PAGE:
Do you understand your cat


Purring, meowing, hissing: cats may not speak, but they can tell you something. We help you to understand your darling properly. Cats are very sensitive and react to the smallest changes in their environment. Their fine powers of observation can be traced back to their descent from the big cats. Predators hunt their prey themselves and have to keep a close eye on the situation. Only by closely observing every small change enables the hunters to catch the right moment to strike at lightning speed. As a cat owner, you have to get yourself a pair of predator eyes, because, conversely, kittens also communicate through minimal changes in their facial expressions and gestures.

The Cat's Channels: How Does Your Pet Communicate?

To understand what your cat is trying to tell you, you first need to understand how he is communicating with you. Cats express their well-being in two ways: through their body language (tail, eyes, ears and head) and through sounds (pussies, hissing, purring, yowling). The facial expressions and gestures in particular provide information about how your pet is feeling. Cats have a very conscious and intense body language. This varies somewhat depending on race, upbringing and gender. However, since all cats, no matter how different they are, are linked by their predatory descent, commonalities and generalizations can be determined.

As a loving and responsible pet owner, you should watch your cat closely. This is the best way to decipher how she personally reacts to certain situations and how she expresses feelings such as affection, aggression, fear or loneliness. Since cats require a great deal of affection and attention from their owner, they want to be understood by you too. They want you to sense their feelings and react to them. We'll show you what common gestures and facial features mean in cats.

The feeling barometer of the cat language: The position of the tail

The tail is of central importance in the cat's body language. With this, your darling gives you their basic pitch and thus helps you to understand other possible physical expressions.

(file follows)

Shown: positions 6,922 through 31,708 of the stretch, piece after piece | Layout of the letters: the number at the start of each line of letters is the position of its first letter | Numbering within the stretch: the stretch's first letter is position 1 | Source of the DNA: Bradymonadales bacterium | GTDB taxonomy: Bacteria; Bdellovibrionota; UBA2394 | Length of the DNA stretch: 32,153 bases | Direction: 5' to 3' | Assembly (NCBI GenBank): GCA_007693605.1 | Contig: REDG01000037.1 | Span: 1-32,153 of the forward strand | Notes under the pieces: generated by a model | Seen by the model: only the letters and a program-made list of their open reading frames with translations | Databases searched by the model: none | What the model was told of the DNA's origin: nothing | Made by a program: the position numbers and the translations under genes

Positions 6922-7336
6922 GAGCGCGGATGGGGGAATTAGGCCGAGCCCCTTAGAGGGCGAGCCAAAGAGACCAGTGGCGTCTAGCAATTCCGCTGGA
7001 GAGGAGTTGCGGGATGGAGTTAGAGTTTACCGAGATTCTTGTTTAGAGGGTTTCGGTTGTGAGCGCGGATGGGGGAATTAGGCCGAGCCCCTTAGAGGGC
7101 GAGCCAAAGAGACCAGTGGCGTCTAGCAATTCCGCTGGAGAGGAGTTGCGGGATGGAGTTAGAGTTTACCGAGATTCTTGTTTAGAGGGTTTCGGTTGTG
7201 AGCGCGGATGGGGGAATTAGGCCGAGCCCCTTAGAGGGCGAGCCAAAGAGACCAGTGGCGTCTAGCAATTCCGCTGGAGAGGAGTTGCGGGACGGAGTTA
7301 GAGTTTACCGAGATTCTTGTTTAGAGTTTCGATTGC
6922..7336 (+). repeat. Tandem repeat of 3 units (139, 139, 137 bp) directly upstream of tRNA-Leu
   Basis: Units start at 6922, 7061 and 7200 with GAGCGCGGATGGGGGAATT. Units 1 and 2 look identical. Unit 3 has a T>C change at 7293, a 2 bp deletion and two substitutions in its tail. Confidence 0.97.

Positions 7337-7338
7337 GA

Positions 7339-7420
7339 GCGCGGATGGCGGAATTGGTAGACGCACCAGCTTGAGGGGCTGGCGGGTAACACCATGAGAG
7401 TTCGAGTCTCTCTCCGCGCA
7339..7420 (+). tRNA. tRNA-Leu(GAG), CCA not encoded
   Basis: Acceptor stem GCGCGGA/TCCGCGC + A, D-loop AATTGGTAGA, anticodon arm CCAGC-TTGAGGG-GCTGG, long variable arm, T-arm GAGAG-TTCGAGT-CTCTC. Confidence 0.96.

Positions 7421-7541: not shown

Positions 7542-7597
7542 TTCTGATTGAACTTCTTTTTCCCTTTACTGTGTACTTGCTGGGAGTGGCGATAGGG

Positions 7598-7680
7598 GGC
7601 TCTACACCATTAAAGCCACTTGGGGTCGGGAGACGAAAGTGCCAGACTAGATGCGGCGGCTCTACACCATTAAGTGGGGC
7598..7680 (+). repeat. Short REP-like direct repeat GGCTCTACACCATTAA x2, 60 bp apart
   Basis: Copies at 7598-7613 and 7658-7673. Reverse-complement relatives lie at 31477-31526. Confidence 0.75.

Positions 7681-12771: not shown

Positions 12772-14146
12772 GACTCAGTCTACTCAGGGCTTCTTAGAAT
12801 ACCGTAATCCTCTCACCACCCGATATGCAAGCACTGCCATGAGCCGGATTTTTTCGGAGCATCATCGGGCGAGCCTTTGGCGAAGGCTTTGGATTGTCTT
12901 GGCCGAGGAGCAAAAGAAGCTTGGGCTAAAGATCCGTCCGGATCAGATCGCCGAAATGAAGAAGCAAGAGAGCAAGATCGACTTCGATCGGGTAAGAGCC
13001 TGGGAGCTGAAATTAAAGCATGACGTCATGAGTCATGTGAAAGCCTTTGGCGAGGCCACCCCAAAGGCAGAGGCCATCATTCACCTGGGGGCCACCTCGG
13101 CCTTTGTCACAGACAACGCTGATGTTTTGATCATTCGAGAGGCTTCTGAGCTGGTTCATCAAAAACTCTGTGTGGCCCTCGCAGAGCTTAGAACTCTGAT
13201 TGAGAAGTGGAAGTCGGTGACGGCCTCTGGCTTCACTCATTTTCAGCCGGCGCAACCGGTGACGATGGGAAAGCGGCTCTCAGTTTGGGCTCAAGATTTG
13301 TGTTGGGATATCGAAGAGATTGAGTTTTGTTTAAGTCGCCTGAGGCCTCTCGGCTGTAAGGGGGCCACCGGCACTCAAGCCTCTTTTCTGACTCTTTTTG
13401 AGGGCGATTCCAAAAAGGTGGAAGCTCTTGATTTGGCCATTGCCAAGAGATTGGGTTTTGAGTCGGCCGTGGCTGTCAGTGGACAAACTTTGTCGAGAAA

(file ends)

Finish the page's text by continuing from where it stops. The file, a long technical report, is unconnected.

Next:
Tail is wedged between the legs

If the tail is clamped between the legs or wrapped tightly around the body, this is a clear sign of fear and dissatisfaction. Here you should definitely consider what your cat is missing and what it cares for and counteracts it. She needs your help now!

Tail is bent forward vertically

Your cat is not only happy, but also wants to play and move around. This can be an invitation for you or a fellow member to play with her.

Tail stands up

You come home and your cat is already waiting at the front door. She probably straightens her tail and kinks the tip slightly. That's a good sign! Your pet is happy through and through and is just happy to see you in the described situation. They feel perfectly safe and most likely want to cuddle with you. You can usually recognize the latter by the fact that the cat is lying on its back. A tail raised high can also be called a declaration of love or a proof of friendship.

If the cat doesn't bend the tip, it wants to show fellow cats who is the boss here. The bushy and imposing tail is supposed to deter and impress the other cats. Better stay out of such power games and let the cats sort it out for themselves.

Tail wags back and forth

In contrast to the dog, a wagging tail does not convey joy and excitement, but annoyance. Your cat is unhappy with the situation and is expressing it. In addition, a wagging tail can represent restlessness, insecurity, fear, or nervousness. One thing is certain: your cat's wagging tail does not mean anything positive to you. Depending on the situation, you can tell what is worrying your pet.